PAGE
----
I'm picking up from where you left off and responding in the opposite order... I was most struck by the last quote 'what happens when art turns its back on nature'. My first instinct was to get outside with the camera and find something natural to work with. Perhaps set-up a grid in the grass (Richard Long) or set out a series of branches into a grid in a field (Anthony McCall & the form of his fire performances). I also shot some images through a grid hoping to disect the image into seperate images like a contact sheet. But that didn't work, my arm wasn't long enough...

I went back to my 'darkroom' and switched on the scanner. While producing a series of contacted images directly onto the scanners surface I received a corrupt image which illustrated some unexpected digital fuzz grids. After some pondering and faffing I printed this new image as I wanted to bring it back into the world of things and remove it from the screen. Now I have made a photograph that is organised from the unexpected digital fuzz grid and, continuing your crumpled paper theme, a crumpled piece of paper. What I like about the crumpled piece of paper in both of our images is that, for me, it does return the grid back to nature. Hence I called this image 'Turning Back' also to echo of your 'Back Turned'.

There is a lot of touching going on in your image, I can almost see your finger marks. But I can't work out if your work is really the scanned image or the scrumpled print itself? I think I would prefer the scrumpled paper, it doesn't need to be ironed by the scanner. What's probably most dissappointing about my image is that I've arrested the crumple image in the photograph. For a minute you might have escaped but not my image. Poor image.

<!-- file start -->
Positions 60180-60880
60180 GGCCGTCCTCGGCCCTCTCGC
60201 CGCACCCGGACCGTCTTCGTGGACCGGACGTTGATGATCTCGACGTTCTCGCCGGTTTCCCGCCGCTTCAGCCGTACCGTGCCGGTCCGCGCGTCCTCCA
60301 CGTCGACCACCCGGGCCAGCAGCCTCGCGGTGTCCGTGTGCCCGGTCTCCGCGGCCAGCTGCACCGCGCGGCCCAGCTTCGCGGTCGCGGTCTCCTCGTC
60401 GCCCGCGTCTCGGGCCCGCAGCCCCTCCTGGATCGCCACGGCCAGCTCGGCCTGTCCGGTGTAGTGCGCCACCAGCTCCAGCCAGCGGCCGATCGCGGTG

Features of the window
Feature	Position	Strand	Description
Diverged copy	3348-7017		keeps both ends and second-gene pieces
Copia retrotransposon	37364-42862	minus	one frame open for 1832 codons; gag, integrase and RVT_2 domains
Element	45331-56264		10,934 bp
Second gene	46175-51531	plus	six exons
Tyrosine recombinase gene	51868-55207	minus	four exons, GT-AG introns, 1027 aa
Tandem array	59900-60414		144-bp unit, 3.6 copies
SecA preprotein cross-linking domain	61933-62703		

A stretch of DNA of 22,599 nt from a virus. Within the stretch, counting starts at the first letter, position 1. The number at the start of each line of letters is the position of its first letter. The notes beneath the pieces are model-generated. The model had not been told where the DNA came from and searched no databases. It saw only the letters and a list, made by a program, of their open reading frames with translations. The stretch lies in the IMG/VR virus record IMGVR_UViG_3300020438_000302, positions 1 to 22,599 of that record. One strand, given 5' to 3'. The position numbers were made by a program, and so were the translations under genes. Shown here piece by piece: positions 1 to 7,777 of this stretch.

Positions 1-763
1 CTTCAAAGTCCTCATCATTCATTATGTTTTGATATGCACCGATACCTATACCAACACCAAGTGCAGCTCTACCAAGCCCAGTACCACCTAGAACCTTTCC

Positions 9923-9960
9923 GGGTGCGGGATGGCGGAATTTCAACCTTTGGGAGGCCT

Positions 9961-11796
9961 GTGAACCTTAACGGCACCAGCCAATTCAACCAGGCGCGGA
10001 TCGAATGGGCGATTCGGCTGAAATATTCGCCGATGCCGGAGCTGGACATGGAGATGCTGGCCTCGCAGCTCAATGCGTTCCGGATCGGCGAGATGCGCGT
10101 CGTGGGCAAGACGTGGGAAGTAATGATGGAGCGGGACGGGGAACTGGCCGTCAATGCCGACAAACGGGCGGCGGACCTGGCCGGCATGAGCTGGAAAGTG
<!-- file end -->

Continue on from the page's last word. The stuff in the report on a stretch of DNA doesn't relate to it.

I liked your reference to the Rosalind Kruass essay and those are some great hightlights that you sent me! Lewis Baltz (RIP) in my opinion was a genius at creating presentations of photographs in grids. It was a powerful yet simple mode of seeing photographs. His photographs never really struck me as being modern or contemporary art but his presentation and his awareness of that mode of presentation certainly put him into the field.

I should flag up the idea you drafted about the 'original' as both of our images have been through a process to arrive. We started with an original, if one can even say that, which was turned into something else. Both origins are well out of sight now and the initial form I used is lost (to the trash, it was the negative form that was holding all the Carcosonne tiles!) The prospects of tracing and re-creating from or towards the 'original' is horryfying in that it is endless. I've seen other artists re-using the same source material over and over to raise questions of the original. I don't like it, it gets boring quickly. So knowing this I'm happy to be sharing this discourse and creating responses with somebody else to stop ourselves from only repeating our own images.